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How to build better communication skills in your marriage, according to experts

Posted July 5
Updated July 6

You'll feel "more connected, loving, peaceful and satisfied with the quality of your relationship" if you learn to communicate better. (Deseret Photo)

You’ve heard it time and again — for a healthy and happy relationship, you and your spouse need to communicate. But good communication is easier said than done, and many marriages struggle because couples lack those skills.

Luckily, there are many experienced relationship experts out there who know that good communication should look in a marriage. Here’s what four of them have to say:

1. How to confront an issue that upsets you

Jennifer Gatti, a licensed master social worker, says the timing is everything when it comes to bringing up a partner’s annoying or upsetting behavior.

“It's best to pick a time when you're not feeling irritated, a time when you're both feeling safe and loved.” Gatti also says suddenly screaming will only make you seem like a bully.

“If you speak to your [significant other] in a calm manner and with the idea that it will ultimately bring you closer together, you are more likely to have a good and productive conversation.”

Ultimately, it’s best to time this sort of conversation when neither of you are feeling upset or overly emotional and remember to speak calmy and respectfully.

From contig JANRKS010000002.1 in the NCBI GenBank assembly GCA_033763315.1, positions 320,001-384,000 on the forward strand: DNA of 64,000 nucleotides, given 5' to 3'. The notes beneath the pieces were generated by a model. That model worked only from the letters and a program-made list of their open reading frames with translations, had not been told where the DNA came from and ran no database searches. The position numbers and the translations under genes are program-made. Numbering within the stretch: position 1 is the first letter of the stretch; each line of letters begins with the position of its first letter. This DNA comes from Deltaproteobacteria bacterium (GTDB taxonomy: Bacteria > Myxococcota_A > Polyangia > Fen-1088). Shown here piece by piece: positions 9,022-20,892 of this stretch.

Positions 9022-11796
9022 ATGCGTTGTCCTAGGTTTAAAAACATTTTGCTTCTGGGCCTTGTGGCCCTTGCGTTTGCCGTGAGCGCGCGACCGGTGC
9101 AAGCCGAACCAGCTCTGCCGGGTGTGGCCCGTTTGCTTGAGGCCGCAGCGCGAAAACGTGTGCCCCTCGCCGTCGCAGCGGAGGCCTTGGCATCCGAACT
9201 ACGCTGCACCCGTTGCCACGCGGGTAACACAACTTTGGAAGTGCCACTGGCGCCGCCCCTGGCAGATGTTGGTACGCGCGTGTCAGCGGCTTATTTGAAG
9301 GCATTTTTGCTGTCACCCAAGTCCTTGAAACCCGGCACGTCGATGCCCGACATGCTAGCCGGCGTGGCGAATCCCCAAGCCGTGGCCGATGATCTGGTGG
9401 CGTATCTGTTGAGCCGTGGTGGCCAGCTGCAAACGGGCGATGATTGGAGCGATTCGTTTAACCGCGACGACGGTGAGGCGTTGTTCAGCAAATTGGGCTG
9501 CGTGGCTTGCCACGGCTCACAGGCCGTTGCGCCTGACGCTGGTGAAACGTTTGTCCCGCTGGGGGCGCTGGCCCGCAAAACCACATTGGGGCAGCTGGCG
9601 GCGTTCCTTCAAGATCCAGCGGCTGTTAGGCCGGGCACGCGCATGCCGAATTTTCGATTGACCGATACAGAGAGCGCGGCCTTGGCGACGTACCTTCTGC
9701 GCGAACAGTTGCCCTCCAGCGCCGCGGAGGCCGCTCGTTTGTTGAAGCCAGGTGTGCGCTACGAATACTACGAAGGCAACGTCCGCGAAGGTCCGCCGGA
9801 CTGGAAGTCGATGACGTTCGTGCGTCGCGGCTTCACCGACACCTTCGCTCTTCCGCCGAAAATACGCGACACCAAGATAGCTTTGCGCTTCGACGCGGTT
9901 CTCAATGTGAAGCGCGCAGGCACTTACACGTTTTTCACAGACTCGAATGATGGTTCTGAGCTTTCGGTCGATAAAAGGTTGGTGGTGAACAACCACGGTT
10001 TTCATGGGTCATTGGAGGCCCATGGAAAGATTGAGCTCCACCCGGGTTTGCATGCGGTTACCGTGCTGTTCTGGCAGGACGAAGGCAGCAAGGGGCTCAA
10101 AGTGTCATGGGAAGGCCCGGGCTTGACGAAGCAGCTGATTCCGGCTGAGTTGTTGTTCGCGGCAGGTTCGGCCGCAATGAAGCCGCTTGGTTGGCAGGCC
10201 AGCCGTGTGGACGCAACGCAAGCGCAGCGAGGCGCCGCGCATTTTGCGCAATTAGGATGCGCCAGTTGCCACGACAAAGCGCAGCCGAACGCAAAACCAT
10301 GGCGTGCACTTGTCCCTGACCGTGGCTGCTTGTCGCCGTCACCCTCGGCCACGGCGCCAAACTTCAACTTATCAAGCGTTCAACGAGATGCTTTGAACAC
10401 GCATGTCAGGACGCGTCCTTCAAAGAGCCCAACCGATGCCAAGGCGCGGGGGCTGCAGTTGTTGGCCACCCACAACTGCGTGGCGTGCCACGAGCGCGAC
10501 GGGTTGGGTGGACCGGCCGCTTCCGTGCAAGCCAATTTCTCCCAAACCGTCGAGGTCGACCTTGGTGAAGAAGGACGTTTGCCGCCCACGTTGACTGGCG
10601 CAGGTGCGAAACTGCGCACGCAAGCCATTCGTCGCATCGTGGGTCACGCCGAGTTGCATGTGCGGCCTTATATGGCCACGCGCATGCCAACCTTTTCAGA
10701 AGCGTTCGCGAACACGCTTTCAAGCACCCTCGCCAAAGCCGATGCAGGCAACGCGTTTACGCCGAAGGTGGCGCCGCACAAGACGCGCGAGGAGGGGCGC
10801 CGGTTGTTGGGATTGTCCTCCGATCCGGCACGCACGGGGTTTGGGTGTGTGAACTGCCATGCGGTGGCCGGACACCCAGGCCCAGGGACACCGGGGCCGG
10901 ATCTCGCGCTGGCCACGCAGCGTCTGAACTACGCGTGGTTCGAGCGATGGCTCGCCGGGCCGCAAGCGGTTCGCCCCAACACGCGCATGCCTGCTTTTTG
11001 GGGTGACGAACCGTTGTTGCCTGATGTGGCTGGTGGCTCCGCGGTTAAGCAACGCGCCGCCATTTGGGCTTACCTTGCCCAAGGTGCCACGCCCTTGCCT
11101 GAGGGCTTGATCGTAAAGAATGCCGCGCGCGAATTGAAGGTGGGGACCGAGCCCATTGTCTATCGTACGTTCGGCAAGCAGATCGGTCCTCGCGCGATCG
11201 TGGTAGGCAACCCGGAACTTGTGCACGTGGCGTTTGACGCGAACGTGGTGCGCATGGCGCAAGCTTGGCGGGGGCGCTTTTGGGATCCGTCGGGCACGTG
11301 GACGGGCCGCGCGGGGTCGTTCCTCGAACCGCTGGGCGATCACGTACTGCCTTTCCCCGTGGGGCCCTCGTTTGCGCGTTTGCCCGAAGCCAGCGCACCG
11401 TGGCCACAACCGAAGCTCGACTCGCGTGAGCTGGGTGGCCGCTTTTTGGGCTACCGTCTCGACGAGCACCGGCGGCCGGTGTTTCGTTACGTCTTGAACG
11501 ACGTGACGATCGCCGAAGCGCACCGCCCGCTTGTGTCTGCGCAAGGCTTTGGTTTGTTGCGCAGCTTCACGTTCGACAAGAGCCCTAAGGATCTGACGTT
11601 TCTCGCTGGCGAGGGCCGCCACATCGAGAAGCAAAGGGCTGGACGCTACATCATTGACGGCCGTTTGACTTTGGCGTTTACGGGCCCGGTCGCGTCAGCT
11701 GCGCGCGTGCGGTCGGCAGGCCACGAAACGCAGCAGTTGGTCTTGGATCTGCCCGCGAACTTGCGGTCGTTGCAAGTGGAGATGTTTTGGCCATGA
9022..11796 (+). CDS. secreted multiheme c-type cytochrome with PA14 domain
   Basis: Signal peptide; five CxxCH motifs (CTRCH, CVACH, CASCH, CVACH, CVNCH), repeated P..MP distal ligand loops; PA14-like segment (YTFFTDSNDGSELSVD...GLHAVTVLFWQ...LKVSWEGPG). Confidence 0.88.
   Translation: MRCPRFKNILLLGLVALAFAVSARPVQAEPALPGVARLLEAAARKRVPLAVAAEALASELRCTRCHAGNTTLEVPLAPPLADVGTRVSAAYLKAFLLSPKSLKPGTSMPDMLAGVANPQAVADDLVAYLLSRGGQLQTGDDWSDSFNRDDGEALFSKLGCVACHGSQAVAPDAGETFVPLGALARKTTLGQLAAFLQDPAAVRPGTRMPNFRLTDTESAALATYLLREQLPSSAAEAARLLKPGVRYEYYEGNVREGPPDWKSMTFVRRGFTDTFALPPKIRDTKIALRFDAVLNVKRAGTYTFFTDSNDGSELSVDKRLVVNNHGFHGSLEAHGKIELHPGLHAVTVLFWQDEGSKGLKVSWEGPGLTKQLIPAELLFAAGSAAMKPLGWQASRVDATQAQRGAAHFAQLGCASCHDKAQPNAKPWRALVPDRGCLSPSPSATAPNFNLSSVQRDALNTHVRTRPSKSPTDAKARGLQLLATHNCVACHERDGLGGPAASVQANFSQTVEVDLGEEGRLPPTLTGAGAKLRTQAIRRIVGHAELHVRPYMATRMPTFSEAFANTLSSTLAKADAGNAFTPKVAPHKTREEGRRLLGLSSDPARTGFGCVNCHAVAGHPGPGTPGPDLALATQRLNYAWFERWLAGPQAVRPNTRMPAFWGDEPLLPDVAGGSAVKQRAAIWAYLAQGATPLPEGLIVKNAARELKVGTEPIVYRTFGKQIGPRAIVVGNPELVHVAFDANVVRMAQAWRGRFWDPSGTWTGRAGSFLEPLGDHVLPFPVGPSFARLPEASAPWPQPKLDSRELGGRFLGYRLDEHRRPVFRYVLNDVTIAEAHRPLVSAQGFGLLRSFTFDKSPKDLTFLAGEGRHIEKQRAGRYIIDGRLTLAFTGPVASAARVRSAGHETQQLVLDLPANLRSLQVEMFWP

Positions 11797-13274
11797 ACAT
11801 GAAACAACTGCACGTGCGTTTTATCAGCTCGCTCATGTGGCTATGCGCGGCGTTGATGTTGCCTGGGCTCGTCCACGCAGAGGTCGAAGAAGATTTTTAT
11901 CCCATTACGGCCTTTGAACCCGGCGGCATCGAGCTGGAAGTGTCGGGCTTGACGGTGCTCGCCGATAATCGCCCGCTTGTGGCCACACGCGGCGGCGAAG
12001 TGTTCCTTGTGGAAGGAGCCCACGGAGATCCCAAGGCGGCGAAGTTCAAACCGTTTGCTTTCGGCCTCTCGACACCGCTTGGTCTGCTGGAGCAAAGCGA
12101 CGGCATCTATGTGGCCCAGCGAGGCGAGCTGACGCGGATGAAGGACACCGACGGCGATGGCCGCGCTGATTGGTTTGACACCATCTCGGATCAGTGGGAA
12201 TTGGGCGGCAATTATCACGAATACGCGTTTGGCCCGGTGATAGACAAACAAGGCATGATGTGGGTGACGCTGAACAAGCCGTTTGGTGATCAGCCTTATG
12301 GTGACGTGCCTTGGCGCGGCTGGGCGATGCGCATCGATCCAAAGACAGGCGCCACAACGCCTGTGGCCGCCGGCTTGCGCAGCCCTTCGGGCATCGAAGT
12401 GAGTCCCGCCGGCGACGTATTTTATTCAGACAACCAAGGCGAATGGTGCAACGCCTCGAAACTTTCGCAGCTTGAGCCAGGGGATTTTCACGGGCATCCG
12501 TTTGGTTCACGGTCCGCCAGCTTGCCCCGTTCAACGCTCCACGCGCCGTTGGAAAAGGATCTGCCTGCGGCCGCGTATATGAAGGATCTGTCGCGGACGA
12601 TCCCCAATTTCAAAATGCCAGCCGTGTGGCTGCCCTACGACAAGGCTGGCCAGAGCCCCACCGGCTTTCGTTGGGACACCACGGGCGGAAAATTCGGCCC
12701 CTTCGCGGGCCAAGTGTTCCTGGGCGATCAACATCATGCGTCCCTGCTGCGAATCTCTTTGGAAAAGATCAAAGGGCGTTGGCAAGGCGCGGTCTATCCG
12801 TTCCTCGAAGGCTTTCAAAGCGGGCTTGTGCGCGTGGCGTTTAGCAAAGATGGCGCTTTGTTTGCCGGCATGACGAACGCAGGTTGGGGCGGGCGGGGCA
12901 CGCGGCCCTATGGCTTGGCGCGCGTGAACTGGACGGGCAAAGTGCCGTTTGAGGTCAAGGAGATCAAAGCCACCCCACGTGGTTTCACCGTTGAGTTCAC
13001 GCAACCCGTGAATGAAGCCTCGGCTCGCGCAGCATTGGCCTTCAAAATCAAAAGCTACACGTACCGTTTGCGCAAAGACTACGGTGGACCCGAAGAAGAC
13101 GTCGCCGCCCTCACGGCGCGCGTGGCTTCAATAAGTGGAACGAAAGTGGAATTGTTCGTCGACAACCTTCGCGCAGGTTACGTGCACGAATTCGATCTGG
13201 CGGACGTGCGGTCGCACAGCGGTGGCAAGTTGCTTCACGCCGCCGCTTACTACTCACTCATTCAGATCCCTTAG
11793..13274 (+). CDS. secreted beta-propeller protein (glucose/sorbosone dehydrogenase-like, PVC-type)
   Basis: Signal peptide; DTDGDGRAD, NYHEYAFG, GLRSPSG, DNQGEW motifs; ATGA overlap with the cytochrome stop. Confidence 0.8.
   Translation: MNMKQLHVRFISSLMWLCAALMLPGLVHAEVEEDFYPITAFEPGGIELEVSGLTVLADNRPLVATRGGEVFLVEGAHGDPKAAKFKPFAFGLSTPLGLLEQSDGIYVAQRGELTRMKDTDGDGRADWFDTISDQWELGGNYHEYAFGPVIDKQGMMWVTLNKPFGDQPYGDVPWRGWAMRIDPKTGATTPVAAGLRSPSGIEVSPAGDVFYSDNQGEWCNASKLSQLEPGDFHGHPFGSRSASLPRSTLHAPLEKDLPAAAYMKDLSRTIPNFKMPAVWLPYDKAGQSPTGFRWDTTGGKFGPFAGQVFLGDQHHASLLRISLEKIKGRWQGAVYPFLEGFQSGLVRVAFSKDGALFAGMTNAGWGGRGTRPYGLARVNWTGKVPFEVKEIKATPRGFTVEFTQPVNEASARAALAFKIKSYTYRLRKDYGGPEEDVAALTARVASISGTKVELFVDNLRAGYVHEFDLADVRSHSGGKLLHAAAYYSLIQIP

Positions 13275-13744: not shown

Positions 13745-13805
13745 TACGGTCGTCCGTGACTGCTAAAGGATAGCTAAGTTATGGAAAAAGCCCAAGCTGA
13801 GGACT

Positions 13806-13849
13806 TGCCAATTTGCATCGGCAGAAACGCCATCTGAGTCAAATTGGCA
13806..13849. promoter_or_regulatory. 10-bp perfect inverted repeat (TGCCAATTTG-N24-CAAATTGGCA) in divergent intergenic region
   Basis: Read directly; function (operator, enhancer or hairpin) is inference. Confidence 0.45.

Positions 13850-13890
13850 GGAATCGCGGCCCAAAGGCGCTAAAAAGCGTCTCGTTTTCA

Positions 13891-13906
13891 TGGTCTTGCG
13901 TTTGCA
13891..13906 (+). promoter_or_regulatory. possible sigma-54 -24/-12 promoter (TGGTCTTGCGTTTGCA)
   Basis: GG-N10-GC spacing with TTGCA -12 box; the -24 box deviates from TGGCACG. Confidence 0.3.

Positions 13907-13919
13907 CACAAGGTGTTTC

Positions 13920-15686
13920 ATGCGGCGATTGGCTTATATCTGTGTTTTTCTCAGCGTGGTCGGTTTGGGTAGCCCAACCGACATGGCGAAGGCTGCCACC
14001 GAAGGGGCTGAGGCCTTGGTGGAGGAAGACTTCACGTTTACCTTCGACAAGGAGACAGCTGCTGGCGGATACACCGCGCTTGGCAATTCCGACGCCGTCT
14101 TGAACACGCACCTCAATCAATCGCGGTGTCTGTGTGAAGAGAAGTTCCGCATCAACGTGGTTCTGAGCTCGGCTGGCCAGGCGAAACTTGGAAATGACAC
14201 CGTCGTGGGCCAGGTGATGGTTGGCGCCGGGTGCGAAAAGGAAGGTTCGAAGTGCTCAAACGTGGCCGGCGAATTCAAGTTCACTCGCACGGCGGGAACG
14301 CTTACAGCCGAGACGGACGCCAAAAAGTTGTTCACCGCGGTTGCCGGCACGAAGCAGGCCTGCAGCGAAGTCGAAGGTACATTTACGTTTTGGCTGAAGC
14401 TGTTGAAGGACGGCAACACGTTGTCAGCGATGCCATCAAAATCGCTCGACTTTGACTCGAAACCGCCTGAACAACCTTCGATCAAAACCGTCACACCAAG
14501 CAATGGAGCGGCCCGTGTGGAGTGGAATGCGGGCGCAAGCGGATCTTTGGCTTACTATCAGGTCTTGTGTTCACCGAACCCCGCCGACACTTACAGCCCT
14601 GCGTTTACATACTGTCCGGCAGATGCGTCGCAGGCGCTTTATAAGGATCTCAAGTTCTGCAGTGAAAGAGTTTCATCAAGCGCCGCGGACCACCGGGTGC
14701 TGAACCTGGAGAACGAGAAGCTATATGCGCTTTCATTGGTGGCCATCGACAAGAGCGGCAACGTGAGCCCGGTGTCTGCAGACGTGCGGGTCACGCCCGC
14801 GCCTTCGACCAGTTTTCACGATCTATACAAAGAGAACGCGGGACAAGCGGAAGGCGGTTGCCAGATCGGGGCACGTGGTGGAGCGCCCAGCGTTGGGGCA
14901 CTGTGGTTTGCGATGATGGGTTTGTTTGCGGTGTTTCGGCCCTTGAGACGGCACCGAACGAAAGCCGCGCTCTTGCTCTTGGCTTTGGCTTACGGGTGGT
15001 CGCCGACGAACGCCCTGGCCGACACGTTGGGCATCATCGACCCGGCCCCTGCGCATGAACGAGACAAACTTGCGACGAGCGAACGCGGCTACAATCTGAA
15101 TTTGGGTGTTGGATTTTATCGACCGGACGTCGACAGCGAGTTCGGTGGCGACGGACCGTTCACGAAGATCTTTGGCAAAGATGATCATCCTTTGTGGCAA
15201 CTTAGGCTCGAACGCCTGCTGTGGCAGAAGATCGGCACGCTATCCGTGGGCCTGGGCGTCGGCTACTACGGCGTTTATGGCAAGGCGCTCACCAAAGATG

2. How to verbalize your desires

Being able to communicate your needs and wants is a vital part of any relationship.

Kristin Zeising, PsyD, a relationship therapist in San Diego, says you can’t expect to mesh with your partner until you actual verbalize what it is you need. She also says to be open and realistic whenever you’re communicating your desires with your partner.

“Any expectations using the words ‘always’ or ‘never’ are unrealistic,” she says, so try to avoid these statements. Also, talking to your partner about how you both can make each other happier is a good way to verbalize what you want without seeming ungrateful.

3. How to improve your listening skills

Half of communication is listening, but it’s not always as easy as it sounds. Sound expert Julian Treasure is familiar with the difficulty of always listening closely when your spouse is talking.

“When I married my wife,” Treasure said, “I promised her I would listen to her every day as if for the first time. Now that's something I fall short of on a daily basis. But it's a great intention to have in a relationship.”

Treasure suggests an acronym - RASA - for those wanting to increase their listening skills.

“RASA stands for ‘Receive,’ which means pay attention to the person; ‘Appreciate,’ making little noises like ‘hmm,’ ‘oh,’ ‘OK’; ‘Summarize’ — the word ‘so’ is very important in communication; and ‘Ask,’ ask questions afterwards.” Using this acronym can help you slow down and listen to your spouse and give your partner the opportunity to be heard.

4. How to express gratitude

“Those who express appreciation for their partners on a daily basis also have a more positive perception of their partners, and feel more comfortable voicing concerns about their relationship,” says Samantha Burns, a dating and relationship expert.

Making sure to frequently include gratitude in your conversations together will strengthen your overall communication skills. Burns says expressing thankfulness can make you feel more connected, loving, peaceful and satisfied with the quality of your relationship.

By taking these four experts’ communication advice to heart, we can all improve the quality of our marriages and finally feel like you and your spouse are good communicators.

McKenna Park is a staff writer at FamilyShare. She's a happy wife, puppy mama, ice cream addict and film nerd. Contact her at mpark@deseretdigital.com.

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